Lesbian couple Whitney and Megan Bacon-Evans, are launching a groundbreaking case against a fertility branch of the NHS, for discrimination against same-sex female couples, single women and individuals with wombs. The married pair, who work as influencers, announced on social media that they would be taking legal action on behalf of “every LGBTQ+ couple who had to give up on their hopes and dreams of creating a family” due to unfair financial obstacles.
The wives dubbed ‘Wegan’ by their over 200,000 followers, are accusing their clinical commissioning group (CCG), Frimley, of penalising them with a “gay tax” due to their sexuality. According to The Guardian, the clinic states that lesbian couples, single women and people with wombs, “must pay for twelve intrauterine insemination (IUI) or IVF treatments to ‘prove’ medical infertility, costing an estimate £30,000 or more, before receiving NHS help.”
This is a stark contrast to what is required of heterosexual couples, who only have to try conceiving for two years.
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The couple has so far spent £8,000 on donor sperm and mandatory pre-insemination tests, and launched a petition for equal treatment last November after being “shocked and devastated” by the financial barriers to pregnancy.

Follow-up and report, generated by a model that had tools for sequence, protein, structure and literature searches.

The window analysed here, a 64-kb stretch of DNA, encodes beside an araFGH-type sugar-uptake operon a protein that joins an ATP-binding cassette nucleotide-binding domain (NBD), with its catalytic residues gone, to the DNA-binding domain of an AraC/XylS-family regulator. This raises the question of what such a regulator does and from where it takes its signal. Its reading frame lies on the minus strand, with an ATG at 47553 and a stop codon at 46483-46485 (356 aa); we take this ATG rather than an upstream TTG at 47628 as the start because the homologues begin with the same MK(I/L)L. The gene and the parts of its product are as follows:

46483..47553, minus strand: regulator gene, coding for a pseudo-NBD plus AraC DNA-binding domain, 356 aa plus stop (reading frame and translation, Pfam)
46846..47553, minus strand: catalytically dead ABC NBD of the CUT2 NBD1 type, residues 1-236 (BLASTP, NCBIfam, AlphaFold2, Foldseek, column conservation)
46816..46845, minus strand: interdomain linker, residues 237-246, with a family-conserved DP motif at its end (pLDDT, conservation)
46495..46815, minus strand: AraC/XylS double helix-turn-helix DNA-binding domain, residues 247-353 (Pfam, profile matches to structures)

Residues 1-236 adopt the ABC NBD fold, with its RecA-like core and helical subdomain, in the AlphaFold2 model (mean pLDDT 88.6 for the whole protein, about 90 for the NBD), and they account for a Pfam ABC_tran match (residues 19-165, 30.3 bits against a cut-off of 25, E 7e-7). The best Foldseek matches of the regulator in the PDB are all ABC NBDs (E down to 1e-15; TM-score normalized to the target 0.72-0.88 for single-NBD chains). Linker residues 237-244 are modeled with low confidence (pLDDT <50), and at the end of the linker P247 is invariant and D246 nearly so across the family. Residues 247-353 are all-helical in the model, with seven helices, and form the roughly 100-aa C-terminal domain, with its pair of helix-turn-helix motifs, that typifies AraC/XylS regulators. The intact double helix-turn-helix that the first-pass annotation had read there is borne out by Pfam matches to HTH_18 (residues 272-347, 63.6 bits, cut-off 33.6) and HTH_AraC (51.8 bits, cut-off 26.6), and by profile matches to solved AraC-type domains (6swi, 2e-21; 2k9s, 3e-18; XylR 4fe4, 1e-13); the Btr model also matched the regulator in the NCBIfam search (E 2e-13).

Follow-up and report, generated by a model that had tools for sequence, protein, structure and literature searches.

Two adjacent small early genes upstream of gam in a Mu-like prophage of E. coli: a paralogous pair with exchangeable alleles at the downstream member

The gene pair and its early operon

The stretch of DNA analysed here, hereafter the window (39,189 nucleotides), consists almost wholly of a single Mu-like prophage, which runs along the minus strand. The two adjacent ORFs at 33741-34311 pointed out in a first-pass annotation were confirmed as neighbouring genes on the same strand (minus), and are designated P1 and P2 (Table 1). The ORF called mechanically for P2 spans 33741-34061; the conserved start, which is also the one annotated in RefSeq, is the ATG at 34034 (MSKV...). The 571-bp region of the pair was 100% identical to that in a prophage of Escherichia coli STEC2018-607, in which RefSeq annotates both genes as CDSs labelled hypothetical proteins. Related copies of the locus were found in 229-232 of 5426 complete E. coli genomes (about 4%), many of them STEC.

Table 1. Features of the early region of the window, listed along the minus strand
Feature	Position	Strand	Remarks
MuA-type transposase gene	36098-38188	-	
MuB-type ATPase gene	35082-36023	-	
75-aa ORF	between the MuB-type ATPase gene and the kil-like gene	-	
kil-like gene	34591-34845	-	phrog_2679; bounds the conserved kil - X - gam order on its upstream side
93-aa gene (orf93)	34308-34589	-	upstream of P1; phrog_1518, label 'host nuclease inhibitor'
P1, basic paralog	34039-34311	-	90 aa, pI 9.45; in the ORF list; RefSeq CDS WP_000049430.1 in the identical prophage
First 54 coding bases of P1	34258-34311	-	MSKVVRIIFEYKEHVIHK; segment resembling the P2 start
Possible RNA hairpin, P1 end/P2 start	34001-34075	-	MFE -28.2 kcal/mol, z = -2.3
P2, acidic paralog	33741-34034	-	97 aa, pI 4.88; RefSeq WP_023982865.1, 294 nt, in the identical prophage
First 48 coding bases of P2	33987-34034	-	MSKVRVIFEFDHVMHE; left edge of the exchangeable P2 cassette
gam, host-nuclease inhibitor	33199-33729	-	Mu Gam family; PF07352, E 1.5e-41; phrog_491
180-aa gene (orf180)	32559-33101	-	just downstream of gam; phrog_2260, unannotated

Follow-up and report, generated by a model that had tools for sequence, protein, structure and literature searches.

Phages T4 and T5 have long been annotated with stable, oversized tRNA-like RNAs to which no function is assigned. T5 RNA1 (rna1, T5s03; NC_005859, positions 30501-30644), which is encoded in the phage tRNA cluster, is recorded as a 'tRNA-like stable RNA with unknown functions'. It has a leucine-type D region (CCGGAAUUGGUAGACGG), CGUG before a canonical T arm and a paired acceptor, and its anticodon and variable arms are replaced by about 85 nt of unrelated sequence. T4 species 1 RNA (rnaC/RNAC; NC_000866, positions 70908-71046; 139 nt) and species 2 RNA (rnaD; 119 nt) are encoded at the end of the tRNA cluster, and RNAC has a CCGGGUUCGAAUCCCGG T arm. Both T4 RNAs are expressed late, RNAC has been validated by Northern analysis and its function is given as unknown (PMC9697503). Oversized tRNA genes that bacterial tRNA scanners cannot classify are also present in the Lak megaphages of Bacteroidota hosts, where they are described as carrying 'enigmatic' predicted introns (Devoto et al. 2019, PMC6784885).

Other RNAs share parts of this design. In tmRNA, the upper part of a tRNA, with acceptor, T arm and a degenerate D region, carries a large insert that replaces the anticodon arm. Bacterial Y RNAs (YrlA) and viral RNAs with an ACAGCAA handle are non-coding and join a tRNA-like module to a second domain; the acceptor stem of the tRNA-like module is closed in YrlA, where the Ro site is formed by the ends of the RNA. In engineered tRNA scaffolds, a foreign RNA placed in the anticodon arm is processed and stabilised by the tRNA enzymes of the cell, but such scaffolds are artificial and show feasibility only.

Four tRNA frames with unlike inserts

On Monday, November 8, legal firm Leigh Day, on behalf of the couple and with the support of Stonewall UK and the British Pregnancy Advisory Service, will apply for a judicial review investigating Frimley’s alleged discrimination. Solicitor Anna Dews stated that if the review was successful, it would insight “powerful” change and encourage similar “unlawful” policies to be challenged across the UK.
Whitney and Megan added to this, saying that: “If found to be unlawful, this could positively impact the lives of tens of thousands, or even hundreds of thousands, of LGBTQ+ people embarking on their path to parenthood now and in the future to come. It is time for discrimination to end and for there to be equal treatment with heterosexual couples in the healthcare system.”
The lesbian couple has set up a fundraiser on Crowd Justice “to help cover the defendants’ fees” should they lose against the NHS in court. They have an initial target of £10,000, and say that “without raising funds, we cannot bring this claim.” Should they win the case, the unspent money will be used to help fight a similar legal case, or donated to the Access to Justice Fund, or a charity.
CCG Frimley, which serves around 800,000 patients across Windsor and Maidenhead, Bracknell Forest, Slough, Surrey Heath, north-east Hampshire and Farnham, has denied accusations of discrimination.
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